${\bf R}^m$,
then the $m$ linearly independent vectors $q\e_i\ (1\leq i\leq m)$ are
always solutions of (4), so the solution space is always a lattice of
dimension $m$.)
If $\gcd(r,s)=1$, there is a bijection between the set of $m$-dimensional
mod $rs$ lattices and the set of pairs of $m$-dimensional lattices made up
of one mod $r$ lattice and one mod $s$ lattice. The bijection is defined
as follows: Given a mod $rs$ lattice which is the solution space of
$A{\bf x}\equiv 0\bmod rs$, we associate with it the pair of lattices
which are solution spaces of
\beq
B{\bf x}\equiv 0\bmod r\ \text{and}\ C{\bf x}\equiv 0\bmod s,
\end{equation}
where the matrices $B$ and $C$ are defined by
\beq
A\equiv B\bmod r\ \text{and}\ A\equiv C\bmod s;
\end{equation}
and conversely, given (5) we define a matrix $A$ by (6).
To prove that this is a bijection, we must first show that different
lattice pairs give different mod $rs$ lattices.
Given relatively prime integers $r$ and $s$, by the definition of $L_m(q)$
we can choose two sets of matrices $\{B_i: 1\leq i\leq L_m(r)\}$, where
$B_i$ is defined over the integers mod $r$, and $\{C_i: 1\leq i\leq
L_m(s)\}$,
where $C_i$ is defined over the integers mod $s$, such that every
$m$-dimensional mod $r$ lattice is the solution space of exactly one of
the systems
$B_i{\bf x}\equiv 0\bmod r,\ 1\leq i\leq L_m(r),$
and every $m$-dimensional mod $s$ lattice is the solution space of exactly
one of the systems
$C_j{\bf x}\equiv 0\bmod s,\ 1\leq j\leq L_m(s).$
Since $\gcd(r,s)=1$, the theory of linear congruences in one variable
shows that each pair of simultaneous congruences
\beq
A\equiv B_i\bmod r,\ A\equiv C_j\bmod s,\ 1\leq i\leq L_m(r),\ 1\leq
j\leq L_m(s)
\end{equation}
defines a unique $m$ by $m$ matrix $A=A_{ij}$, say, over the integers
mod $rs$, and these matrices are all different since the pairs $B_i,
C_j$ are.
We shall show that the solution spaces (which are the mod $rs$ lattices)
of the systems
\[
A_{ij}{\bf x}\equiv 0\bmod rs,\ 1\leq i\leq L_m(r),\ 1\leq j\leq L_m(s)
\]
are all distinct.
Let $A_{IJ}$ and $A_{KL}$ be any two different matrices chosen from the
$A_{ij}$'s. Then by (7),
\[
\{{\bf x} \bmod r: A_{IJ}{\bf x}\equiv 0\bmod {rs}\}=\{{\bf x}: B_I{\bf
x}\equiv 0\bmod r\}
\]
and
\[
\{{\bf x} \bmod s: A_{IJ}{\bf x}\equiv 0\bmod {rs}\}=\{{\bf x}: C_J{\bf
x}\equiv 0\bmod s\};
\]
similar equations hold for $A_{KL}$. Since the pairs $B_I, C_J$ and $B_K,
C_L$ are different, we have either
\[
\{{\bf x}: B_I{\bf x}\equiv 0\bmod r\} \neq \{{\bf x}: B_K{\bf x}\equiv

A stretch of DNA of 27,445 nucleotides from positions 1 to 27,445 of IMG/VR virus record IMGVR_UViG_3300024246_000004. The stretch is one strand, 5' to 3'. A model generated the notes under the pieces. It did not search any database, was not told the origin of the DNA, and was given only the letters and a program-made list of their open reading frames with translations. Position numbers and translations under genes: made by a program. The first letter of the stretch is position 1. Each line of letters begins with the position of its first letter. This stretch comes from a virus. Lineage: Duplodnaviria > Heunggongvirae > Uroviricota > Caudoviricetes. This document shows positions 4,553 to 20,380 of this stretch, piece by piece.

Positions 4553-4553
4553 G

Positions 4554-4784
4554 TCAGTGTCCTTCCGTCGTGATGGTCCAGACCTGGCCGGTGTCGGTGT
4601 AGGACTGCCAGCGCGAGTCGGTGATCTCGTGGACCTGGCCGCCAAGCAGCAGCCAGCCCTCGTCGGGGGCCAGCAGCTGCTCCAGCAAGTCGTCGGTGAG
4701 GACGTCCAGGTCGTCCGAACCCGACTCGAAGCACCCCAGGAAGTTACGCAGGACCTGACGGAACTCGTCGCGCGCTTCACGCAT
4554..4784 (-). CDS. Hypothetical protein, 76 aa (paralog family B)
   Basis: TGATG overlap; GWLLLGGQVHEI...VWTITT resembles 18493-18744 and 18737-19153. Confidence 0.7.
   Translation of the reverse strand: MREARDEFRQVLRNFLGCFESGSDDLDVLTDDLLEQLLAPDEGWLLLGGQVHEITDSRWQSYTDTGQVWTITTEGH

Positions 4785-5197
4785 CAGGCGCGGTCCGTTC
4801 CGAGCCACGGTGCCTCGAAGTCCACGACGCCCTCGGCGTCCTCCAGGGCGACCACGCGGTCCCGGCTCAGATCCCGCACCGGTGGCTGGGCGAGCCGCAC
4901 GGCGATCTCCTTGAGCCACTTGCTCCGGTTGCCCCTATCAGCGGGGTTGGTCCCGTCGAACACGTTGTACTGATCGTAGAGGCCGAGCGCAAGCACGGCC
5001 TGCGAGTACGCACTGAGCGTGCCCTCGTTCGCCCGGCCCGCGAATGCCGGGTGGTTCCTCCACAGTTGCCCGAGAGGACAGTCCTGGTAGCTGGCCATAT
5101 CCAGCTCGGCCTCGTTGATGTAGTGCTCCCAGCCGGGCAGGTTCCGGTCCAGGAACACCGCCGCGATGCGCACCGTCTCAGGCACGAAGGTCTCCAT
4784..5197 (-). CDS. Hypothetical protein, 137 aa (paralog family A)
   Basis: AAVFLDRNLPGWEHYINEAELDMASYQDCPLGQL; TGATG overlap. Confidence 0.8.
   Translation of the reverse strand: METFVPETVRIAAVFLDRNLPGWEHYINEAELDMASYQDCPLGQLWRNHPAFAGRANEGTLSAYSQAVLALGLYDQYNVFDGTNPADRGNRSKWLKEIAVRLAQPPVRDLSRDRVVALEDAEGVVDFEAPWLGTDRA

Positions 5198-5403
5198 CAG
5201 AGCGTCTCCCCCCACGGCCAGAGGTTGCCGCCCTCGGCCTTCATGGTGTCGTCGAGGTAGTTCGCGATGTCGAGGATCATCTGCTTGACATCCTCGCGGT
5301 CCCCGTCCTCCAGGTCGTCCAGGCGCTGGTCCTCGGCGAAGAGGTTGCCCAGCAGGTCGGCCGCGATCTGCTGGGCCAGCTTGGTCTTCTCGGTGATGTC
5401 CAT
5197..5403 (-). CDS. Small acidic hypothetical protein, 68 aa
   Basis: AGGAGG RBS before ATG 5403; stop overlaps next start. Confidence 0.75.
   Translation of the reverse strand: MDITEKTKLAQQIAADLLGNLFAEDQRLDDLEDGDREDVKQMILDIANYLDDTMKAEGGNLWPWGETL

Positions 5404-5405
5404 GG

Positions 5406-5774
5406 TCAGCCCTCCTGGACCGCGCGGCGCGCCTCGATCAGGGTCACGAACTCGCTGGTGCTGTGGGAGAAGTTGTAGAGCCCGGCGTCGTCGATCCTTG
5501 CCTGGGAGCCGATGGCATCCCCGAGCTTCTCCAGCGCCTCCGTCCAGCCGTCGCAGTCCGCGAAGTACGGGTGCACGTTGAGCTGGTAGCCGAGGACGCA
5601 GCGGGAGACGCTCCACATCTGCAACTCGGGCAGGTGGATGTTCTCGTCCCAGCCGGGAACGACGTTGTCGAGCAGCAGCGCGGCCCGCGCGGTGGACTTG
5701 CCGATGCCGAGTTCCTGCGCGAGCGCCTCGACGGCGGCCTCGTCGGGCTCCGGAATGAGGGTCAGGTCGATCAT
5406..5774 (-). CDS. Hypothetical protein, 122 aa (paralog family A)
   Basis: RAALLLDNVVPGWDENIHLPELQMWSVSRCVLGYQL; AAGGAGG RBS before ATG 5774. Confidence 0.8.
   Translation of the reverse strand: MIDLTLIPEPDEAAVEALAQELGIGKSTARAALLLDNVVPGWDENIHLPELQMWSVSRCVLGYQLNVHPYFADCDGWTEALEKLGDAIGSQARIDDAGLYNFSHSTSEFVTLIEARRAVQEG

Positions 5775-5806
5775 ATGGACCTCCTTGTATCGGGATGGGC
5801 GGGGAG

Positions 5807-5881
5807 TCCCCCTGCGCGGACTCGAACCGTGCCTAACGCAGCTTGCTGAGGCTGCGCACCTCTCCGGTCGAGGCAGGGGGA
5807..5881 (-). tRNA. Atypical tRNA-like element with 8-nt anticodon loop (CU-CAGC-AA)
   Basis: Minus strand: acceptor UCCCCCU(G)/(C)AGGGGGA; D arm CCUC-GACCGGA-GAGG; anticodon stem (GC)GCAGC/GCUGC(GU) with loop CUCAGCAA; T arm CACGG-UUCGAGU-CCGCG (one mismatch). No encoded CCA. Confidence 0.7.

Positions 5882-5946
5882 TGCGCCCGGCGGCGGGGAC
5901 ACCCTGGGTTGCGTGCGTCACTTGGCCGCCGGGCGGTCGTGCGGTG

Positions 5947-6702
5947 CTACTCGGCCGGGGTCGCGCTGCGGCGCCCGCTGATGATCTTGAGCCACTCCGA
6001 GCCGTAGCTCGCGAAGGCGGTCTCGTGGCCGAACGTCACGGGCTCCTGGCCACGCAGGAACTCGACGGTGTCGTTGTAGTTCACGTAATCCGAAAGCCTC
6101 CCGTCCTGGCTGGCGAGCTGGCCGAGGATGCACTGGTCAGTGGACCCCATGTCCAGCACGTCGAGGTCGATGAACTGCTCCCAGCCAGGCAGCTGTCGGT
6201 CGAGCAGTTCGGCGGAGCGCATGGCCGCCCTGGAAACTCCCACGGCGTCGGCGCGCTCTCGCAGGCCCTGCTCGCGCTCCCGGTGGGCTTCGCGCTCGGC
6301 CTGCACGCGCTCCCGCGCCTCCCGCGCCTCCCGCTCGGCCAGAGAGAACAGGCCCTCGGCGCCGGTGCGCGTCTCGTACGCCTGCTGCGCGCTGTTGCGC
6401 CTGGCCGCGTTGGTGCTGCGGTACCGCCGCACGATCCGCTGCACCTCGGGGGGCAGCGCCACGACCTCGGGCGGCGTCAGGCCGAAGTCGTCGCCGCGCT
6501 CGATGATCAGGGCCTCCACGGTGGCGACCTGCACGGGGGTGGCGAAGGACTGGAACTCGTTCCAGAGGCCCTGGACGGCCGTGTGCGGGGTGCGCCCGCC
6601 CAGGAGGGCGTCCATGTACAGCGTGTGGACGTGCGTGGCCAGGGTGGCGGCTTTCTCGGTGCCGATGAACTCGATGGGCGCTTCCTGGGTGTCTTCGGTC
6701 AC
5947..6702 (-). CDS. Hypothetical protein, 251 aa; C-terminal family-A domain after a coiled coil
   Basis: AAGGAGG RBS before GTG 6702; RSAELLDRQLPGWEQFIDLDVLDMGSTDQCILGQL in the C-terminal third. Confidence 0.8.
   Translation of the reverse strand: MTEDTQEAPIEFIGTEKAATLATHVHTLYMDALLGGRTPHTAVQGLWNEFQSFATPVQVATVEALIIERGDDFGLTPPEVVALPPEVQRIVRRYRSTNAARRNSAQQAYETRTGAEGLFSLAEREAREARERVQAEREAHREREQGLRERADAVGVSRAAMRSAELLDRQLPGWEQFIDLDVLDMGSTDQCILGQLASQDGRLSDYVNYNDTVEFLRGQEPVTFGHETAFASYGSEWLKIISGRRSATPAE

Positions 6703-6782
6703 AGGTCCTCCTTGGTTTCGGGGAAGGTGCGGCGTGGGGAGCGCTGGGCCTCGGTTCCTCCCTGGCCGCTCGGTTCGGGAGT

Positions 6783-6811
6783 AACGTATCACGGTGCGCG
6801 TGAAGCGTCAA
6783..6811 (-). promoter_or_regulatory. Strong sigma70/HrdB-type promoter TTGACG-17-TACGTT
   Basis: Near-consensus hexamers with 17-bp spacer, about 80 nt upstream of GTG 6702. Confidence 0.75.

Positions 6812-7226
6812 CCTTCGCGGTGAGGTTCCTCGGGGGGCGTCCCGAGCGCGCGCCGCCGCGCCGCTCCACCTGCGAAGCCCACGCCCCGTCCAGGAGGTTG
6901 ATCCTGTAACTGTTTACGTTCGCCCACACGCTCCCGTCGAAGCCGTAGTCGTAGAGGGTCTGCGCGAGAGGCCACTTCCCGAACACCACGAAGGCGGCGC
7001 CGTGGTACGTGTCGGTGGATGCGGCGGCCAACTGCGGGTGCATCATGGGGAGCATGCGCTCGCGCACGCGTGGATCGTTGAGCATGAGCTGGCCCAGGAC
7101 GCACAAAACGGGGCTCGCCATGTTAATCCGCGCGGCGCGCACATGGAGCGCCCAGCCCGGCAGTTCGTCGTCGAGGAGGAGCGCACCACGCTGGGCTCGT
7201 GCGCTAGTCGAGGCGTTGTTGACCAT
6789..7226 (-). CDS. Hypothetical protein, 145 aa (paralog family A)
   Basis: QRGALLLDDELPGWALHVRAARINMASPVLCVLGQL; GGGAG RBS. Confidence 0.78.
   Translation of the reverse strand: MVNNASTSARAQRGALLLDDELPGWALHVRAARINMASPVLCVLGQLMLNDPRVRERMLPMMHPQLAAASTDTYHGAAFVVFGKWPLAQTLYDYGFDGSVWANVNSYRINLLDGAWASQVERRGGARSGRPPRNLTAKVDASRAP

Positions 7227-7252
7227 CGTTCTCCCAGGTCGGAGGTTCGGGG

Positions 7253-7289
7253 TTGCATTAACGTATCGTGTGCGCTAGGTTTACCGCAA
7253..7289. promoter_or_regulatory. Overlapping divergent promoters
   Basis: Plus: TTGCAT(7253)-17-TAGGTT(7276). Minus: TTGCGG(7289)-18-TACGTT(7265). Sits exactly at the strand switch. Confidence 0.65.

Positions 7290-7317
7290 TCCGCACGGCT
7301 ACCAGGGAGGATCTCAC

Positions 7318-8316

0\bmod r\}
\]
or
\[
\{{\bf x}: C_J{\bf x}\equiv 0\bmod s\} \neq \{{\bf x}: C_L{\bf x}\equiv
0\bmod s\},
\]
so the solution spaces for $A_{IJ}$ and $A_{KL}$ are different.
Finally we must show that different mod $rs$ lattices give different
lattice pairs. This is clear since each congruence $A{\bf x}\equiv 0\bmod {rs}$
gives a unique pair of congruences (5), where the matrices $B$ and $C$ are
defined by (6).
\end{proof}
\section{Counting mod $q$ lattices}
Our first goal is to prove explicit formulas for the number of
$m$-dimensional mod $q$
lattices, which we denote by $L_m(q)$, when $m$ is small.
\begin{thm}
The numbers $L_2(q)$ and $L_3(q)$ are given by
\beq
L_2(q)=\sum_{k_1|q}\sum_{k_2|q}\gcd\left(k_1,\frac{q}{k_2}\right)
\end{equation}
and
\beq
L_3(q)=\sum_{k_1|q}\sum_{k_2|q}\sum_{k_3|q}\gcd\left(k_1,\frac{q}{k_3}\right)
\gcd\left(k_2,\frac{q}{k_3}\right)\gcd\left(k_1,\frac{q}{k_2}\right).
\end{equation}
\end{thm}
We shall prove formula (8) first. We fix an $x_1,x_2$ Cartesian coordinate
system in $\R^2$. Given any 2-dimensional mod $q$ lattice $\L$, we have a
basis-free representation for it as follows: The $x_1$ axis contains
infinitely many points of $\L$,
with a density $1/k_1$, where $k_1$ is a positive integer which divides $q$.
Every line
$x_2=c$ either contains no points of $\L$ or contains a shifted copy of the
set of lattice
points on $x_2=0$. If $x_2=k_2$ is the line $x_2=c>0$ which is closest to
the $x_1$ axis
and has points of $\L$, then $k_2$ is a divisor of $q$. A line $x_2=c$
contains points of $\L$ if and only if has the form $x_2=t k_2$ for some
integer $t$. We say that $\L$ has {\it jump}
$k_2$ (in the $x_2$ direction). If we let $C_2(\L)$ denote the
2-dimensional
volume of a fundamental cell of $\L$, then we have
$C_2(\L)=k_1k_2$.
To count the 2-dimensional mod $q$ lattices which have given values of $k_1$
and $k_2$, it suffices to count the number of distinct 1-dimensional
sublattices on $x_2=k_2$
which give a mod $q$ lattice. We define the {\it shift} $s$, where $s$ is
an integer such that $0\leq s